Uganda’s doctors have gone on strike, fed up with what they say are the lowest wages in Africa and a lack of resources.
They are demanding that their salaries, currently starting at just $260 a month for junior doctors, increased 10-fold, as well as benefits like cars and domestic workers.
But as the fight between the Uganda Medical Association and the government rumbles on, what does it mean for those Ugandans in desperate need of medical attention? The BBC’s Catherine Byaruhanga meets the families caught in the middle.
The crumbling buildings housing Kamuli General Hospital’s wards and clinics are almost entirely deserted.
With most of medical personnel not coming to work, patients who would usually attend this hospital in rural eastern Uganda have taken their cue, and nearly all the beds are empty.
But it doesn’t mean people don’t need care.
There is a sudden rush of activity as men carry 60-year-old Sulayi Kasadha into one of the rooms, lifting him by his clothes. He is barely conscious and convulsing. His chest thumps up and down, while his family looks on nervously.
His brother James Tibiryala tells me: “We are almost losing hope, it is really very bad.”
Mr Kasadha fell ill two days previously.
Diagnosed with high blood pressure, he was first taken to the local Catholic mission hospital. But they didn’t have the drugs or the necessary CT scanner, so instead his family brought him to the public hospital in critical condition.
Even here Dr Charles Waako – the only doctor on call – is struggling to do better.
The family has to buy the doctor gloves, as the hospital has run out. He inserts the plastic end of a syringe into Mr Kasadha’s mouth to clear his airways. The machine needed to help him breathe is broken.
“It’s so depressing,” the doctor tells me. “You have such a patient, in a very critical condition, but everything you want to use… We’re just improvising. The medicines we want, we’re just improvising.
“They’re not the appropriate medicines but we think they might work for him.”
In the end, it won’t be enough. Dr Waako refers Mr Kasadha to a private hospital in the nearest big town which might, hopefully, be better equipped.
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For him, the desperation of the situation highlights the need for the industrial action.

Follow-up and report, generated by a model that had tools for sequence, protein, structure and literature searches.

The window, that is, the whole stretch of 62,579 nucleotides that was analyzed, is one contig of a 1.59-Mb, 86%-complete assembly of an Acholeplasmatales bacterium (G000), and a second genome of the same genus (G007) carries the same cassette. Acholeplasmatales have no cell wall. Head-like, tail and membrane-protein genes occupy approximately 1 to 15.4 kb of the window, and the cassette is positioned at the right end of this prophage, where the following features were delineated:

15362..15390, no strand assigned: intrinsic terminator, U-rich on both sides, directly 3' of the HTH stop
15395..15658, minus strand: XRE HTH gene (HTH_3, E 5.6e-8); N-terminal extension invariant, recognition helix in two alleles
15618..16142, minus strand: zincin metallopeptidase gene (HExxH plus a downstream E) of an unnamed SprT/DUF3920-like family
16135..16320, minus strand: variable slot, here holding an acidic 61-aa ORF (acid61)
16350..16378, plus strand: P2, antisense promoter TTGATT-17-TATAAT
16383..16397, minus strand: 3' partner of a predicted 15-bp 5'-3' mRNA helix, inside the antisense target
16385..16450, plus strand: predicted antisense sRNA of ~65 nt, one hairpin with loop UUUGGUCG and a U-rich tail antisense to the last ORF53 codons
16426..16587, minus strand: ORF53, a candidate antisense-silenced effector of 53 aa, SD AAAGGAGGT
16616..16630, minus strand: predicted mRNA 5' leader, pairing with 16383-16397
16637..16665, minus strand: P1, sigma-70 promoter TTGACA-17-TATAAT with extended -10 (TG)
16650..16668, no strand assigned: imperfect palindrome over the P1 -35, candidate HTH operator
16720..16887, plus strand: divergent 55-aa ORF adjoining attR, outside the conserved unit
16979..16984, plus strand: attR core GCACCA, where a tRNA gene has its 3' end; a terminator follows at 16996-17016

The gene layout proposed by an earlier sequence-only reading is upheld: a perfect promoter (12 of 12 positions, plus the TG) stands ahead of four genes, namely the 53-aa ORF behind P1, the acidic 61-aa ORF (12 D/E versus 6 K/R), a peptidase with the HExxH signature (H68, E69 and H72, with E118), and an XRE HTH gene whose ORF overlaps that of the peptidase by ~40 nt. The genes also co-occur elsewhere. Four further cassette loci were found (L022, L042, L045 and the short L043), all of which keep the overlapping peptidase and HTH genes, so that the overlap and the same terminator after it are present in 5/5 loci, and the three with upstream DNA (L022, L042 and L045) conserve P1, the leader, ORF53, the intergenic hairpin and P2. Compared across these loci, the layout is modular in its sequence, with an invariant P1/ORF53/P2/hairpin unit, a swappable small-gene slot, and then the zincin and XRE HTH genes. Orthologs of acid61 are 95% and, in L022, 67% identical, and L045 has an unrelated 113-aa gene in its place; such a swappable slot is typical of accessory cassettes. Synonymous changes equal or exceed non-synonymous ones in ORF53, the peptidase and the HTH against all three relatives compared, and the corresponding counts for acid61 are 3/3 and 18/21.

“What we want is improved welfare for the medical workers, improved working environment and also the provision of the necessities in the hospitals and health facilities,” he said. “This in the end is going to benefit the clients.”
Many Ugandans will tell you that, with or without the strike, the country’s health system simply does not work. Medical stock-outs – when drugs are simply not available – are common, including for anti-retroviral dugs needed for HIV patients.
Then there is a chronic shortage of doctors. More than 40% of positions are unfilled, according to the Health Ministry, not to mention the absenteeism by health workers who moonlight at private facilities.
Patients with enough money have turned to private hospitals during the strike.
Milly Namusobya cannot afford the cost. Eight months pregnant with her first child, she is experiencing pain in her abdomen.
But Kamuli General Hospital could not help.
“I was shocked to find that there were no doctors or medicine at the government hospital,” Ms Namusobya says.
“While we were there, we were advised that there are some elderly ladies who can help us understand our pregnancy, our complications or how our babies are growing in the womb. That is how I ended up coming to this traditional birth attendant.”
In a small clinic by the roadside, Deborah Magada helps Ms Namusobya onto a wooden table before pressing her hands against Ms Namusobya’s lower abdomen, and then uses a traditional Pinard horn to listen to the baby’s heartbeat.
She is confident of her diagnosis.
“When pregnant women are due to give birth and the head is facing downwards, they feel pain because the head is bigger and doesn’t fit in the pelvic area, that’s why the pain is there. And while the baby is turning in the womb, it leans on the walls of the womb and moves.”
But traditional birth attendants lack the right training and equipment so are discouraged by authorities.
With the strike affecting many across the country, the government’s hardline response – threatening to sack those taking part – has been replaced with a special committee aiming to reach a negotiated settlement.
Unfortunately, the official position is that there is not enough money to boost doctors’ wages.
Don Wanyama, the president’s spokesman, explained: “We have a very small resource-envelope as a country and with very many competing needs. Because of that, public servants perhaps have not been given the money they really want to get.
“But the president has indicated that [when] the pressure on other investments reduces, there should be some little more money to spend on workers of government.”
Some doctors dismiss this argument – particularly after more than 400 MPs were given $8,000 each to look into removing presidential age limits, allowing President Yoweri Museveni to run for a sixth term in 2021.
As for Mr Kasadha, by the time he reached the next big hospital he was in a coma. The only working CT scanner is in an expensive hospital in the capital – two hours away. His struggling family is trying all they can to save him.
Ms Namusobya, meanwhile, is hoping the strike ends before she gives birth.
Otherwise the traditional birth attendant’s office without any proper facilities is her only option.